ISSN 2398-2969      

Cutaneous neoplasia

Clapis

Squamous cell carcinoma (SCC)

  • While relatively rare, squamous cell carcinomas may occur via malignant transformation of papillomas caused by the Shope papilloma virus   Papilloma virus    Papillomatosis  .
  • The Shope papillomavirus (SPV)  produces hyperkeratotic nodules, especially on the ears and eyelids. SPV is a naturally occurring pox virus of North and South American wild rabbits ( Sylvilagusspp).
  • Infection of domestic rabbits ( Oryctolagus cuniculus) is rare but has been reported, causing multiple horn-like lesions around the ears and eyelids. Manual removal usually results in healing in wild rabbits.
  • In domestic rabbits experimental infection may result in approximately 75% of inoculation sites undergoing malignant transformation to squamous cell carcinoma. Domestic rabbits are occasionally infected via mosquito vectors and develop papillomas which may slough away approximately 30 days post-inoculation, or may transform into SCCs. Newborn and young animals often develop more extensive lesions. Metastasis of the squamous cell carcinomas to the axillary lymph nodes has been reported.
  • Experimentally, SCC can be induced in the correct lines by chemical irritation; this suggests that it can be a sequel to chronic irritation, as in other species.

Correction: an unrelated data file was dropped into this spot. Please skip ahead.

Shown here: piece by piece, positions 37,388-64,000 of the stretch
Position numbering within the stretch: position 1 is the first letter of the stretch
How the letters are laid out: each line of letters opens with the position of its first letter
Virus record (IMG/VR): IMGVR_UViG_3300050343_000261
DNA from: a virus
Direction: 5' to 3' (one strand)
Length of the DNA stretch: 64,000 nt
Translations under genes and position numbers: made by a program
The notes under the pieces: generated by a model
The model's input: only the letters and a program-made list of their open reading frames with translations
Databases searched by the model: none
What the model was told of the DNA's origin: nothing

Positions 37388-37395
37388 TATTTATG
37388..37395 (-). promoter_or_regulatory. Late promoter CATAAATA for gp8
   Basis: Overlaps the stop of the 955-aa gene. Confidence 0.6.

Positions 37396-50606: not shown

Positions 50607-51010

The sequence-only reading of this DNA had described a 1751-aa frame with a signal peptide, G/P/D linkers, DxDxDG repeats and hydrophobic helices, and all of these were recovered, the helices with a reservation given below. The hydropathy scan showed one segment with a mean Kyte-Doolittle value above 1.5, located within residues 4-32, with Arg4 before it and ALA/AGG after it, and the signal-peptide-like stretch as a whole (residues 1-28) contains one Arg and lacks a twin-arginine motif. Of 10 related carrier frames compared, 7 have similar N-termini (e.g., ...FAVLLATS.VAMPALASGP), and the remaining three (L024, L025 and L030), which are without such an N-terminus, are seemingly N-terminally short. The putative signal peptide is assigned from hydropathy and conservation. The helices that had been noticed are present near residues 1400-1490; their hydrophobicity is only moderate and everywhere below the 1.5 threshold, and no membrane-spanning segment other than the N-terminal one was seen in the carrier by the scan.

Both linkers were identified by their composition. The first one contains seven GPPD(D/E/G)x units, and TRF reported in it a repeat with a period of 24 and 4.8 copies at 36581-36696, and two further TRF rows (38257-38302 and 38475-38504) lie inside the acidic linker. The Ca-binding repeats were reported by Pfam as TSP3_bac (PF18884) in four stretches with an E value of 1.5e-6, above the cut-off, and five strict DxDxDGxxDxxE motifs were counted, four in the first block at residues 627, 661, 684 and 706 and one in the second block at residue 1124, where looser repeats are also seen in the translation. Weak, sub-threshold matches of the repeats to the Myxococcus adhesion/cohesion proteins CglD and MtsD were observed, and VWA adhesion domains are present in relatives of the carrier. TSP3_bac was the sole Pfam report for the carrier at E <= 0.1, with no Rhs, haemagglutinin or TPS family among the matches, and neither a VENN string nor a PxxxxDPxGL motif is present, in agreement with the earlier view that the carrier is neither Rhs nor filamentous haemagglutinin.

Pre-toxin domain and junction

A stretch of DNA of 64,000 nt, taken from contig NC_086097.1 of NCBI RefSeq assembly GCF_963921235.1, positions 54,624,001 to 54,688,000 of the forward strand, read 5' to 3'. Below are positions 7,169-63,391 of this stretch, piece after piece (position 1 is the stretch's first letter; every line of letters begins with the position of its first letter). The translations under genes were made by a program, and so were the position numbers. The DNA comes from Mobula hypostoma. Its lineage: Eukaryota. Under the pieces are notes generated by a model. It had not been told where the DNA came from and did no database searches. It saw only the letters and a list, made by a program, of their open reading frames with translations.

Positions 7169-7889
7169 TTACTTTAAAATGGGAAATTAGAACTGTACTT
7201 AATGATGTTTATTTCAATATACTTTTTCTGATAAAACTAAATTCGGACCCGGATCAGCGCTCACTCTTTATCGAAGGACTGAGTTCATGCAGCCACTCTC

• In pet rabbits, occurrence in poorly furred areas of skin linked to sunlight exposure has also been proposed.
  • Diagnosis is based on clinical signs and histopathology.
  • Treatment involves removal of the papillomas/SCCs and control of arthropod vectors.

Fibromas

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Cutaneous lymphoma

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Miscellaneous cutaneous neoplasms

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Further Reading

Publications

Refereed papers

  • Recent references from PubMed and VetMedResource.
  • Sant R & Rowland M (2009) Skin disease in rabbits. In Pract 31 (5), 233-238 PubMed.
  • Jenkins J R (2001) Skin disorders of the rabbit. Vet Clin North Am Exot Anim Pract (2), 543-563 PubMed.
  • White S D, Campbell T, Logan A et al (2000) Lymphoma with cutaneous involvement in three domestic rabbits (Oryctolagus cuniculus). Vet Dermatol 11 (1), 61-67 VetMedResource.
  • White S D, Rosychuk R W, Scott K V et al (1993) Use of isotretinoin and etretinate in the treatment of benign cutaneous neoplasia and cutaneous lymphoma in the dog. JAVMA 202 (3), 387-391 PubMed.

Other sources of information

  • Va Praag E, Maurer A & Saarony T (2010) Skin diseases of Rabbits. Website:www.medirabbit.com.
  • White S D, Bourdeau P, Meredith A (2002) Dermatological Problems of Rabbits. Semin Avian and Exotic Pet Med. July.
  • Burgmann P (1997) Dermatology of Rabbits, Rodents and Ferrets.In: Practical Exotic Animal Medicine.Ed: Rosenthal K. The Compendium Collection, Trenton, NJ, Veterinary Learning Systems. pp 174-195.

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